Putting an EV on a platform designed for internal combustion isn’t ideal, Kohler added: “Different technology requires different car concepts.”

(Source: Automotive News)

Article source: http://reviews.cnet.com/8301-13746_7-20030081-48.html?part=rss&tag=feed&subj=TheCarTechblog

Apple patent shows built-in iPad stand

(Credit:

Patently Apple
)

We’re expecting a new iPad to be announced in the next few months, and it appears that it, or future iterations of it, could have a built-in kickstand. A new patent filed by Apple shows a stowable stand that folds into the
iPad‘s casing, removing the need for cases with built-in stands.

The patent, detailed by Patently Apple, shows a dual-hinged stand that folds out to hold up the iPad in either portrait or landscape mode on a surface like a table. It might not be built-in; the patent says it might be optional, which means it might affix via screws, suction cup, magnets, or witchcraft.

No matter what, it’s better than not having a stand. As anyone with an iPad will tell you, a stand’s a good idea–apps like Hulu and Netflix are popular on the iPad, and unless you’re watching them in bed, you have to hold the
tablet up. That’s fine for short YouTube videos of cats hitting people in the groin, but not for watching awesome movies like “Fletch.”

Currently there are many such cases with stands available on eBay, and one I got recently came with a free gift–a stylus, which leads to another intriguing patent by Apple we covered recently: yes, a stylus.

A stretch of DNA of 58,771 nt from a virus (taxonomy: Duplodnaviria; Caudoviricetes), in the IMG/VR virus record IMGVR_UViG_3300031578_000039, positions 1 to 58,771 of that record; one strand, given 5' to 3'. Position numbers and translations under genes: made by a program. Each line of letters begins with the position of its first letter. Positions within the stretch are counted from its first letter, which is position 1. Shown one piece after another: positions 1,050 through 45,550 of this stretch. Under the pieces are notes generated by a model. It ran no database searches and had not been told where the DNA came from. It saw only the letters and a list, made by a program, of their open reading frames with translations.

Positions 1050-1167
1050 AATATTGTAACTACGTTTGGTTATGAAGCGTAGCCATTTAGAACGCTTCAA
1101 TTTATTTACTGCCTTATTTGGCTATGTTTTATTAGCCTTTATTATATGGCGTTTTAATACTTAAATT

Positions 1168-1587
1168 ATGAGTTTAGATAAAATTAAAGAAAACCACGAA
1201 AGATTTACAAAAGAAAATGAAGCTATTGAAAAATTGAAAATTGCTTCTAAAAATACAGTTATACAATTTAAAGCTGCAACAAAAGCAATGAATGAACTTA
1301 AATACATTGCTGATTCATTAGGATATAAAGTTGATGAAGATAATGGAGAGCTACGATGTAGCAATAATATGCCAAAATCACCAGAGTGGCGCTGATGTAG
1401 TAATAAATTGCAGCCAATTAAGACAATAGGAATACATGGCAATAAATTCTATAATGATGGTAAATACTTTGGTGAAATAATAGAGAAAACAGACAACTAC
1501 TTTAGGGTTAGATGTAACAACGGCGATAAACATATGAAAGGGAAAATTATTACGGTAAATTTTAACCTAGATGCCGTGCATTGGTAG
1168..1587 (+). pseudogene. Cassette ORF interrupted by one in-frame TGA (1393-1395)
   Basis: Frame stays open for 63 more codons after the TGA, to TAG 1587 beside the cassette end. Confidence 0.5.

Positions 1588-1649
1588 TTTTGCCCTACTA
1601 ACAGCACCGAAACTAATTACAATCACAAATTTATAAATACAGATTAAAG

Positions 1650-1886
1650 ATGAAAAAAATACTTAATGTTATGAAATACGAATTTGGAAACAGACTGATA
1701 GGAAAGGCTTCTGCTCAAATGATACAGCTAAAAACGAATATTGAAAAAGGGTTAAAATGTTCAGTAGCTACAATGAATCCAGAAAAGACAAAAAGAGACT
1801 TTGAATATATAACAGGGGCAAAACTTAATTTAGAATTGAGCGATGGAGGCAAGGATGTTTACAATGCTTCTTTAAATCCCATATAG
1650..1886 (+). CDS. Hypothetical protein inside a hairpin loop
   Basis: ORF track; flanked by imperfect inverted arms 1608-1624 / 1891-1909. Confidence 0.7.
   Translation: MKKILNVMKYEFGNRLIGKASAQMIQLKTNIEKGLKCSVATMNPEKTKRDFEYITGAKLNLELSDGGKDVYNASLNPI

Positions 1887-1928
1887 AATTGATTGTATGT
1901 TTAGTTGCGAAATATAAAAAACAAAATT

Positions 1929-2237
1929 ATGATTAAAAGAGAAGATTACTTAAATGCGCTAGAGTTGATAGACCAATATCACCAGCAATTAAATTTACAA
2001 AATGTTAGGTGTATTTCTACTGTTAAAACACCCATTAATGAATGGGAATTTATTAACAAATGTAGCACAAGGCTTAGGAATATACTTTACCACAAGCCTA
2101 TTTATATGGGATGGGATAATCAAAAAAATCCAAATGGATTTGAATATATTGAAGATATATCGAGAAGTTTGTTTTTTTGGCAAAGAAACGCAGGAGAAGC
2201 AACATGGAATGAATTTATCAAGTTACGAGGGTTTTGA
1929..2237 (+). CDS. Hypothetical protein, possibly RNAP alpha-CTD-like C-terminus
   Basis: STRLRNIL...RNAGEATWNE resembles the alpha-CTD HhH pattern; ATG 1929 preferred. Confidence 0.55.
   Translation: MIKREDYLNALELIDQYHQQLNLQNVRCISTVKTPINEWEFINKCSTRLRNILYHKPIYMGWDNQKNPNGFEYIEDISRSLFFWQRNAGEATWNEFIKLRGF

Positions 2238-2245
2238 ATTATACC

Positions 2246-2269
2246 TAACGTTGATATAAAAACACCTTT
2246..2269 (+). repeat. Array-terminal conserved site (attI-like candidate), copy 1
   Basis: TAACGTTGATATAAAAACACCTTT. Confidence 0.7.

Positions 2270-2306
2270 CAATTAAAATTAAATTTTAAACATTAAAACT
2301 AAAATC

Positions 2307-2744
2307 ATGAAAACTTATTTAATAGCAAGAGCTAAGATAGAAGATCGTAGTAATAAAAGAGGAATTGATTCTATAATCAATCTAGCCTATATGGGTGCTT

Styli (that’s styluses to you and me) for iPads aren’t new, and they can be useful. I have a couple of drawing apps, but unlike David Hockney, finger painting isn’t my style. The stylus I got in my eBay-bought case is perfect for sketching.

Apple’s patent shows a stylus with a ballpoint-pen-type end, allowing it to apparently roll on a conductive disk of some sort. The disk is larger than the point of the stylus, so that capacitive screens, like those of the
iPhone or iPad, can sense it.

As with all patents, this may or may not evolve into a shipping product, but the fact that Apple is working with the idea of a stylus is intriguing. Steve Jobs famously said during the iPhone’s launch that styluses were for suckers (to paraphrase).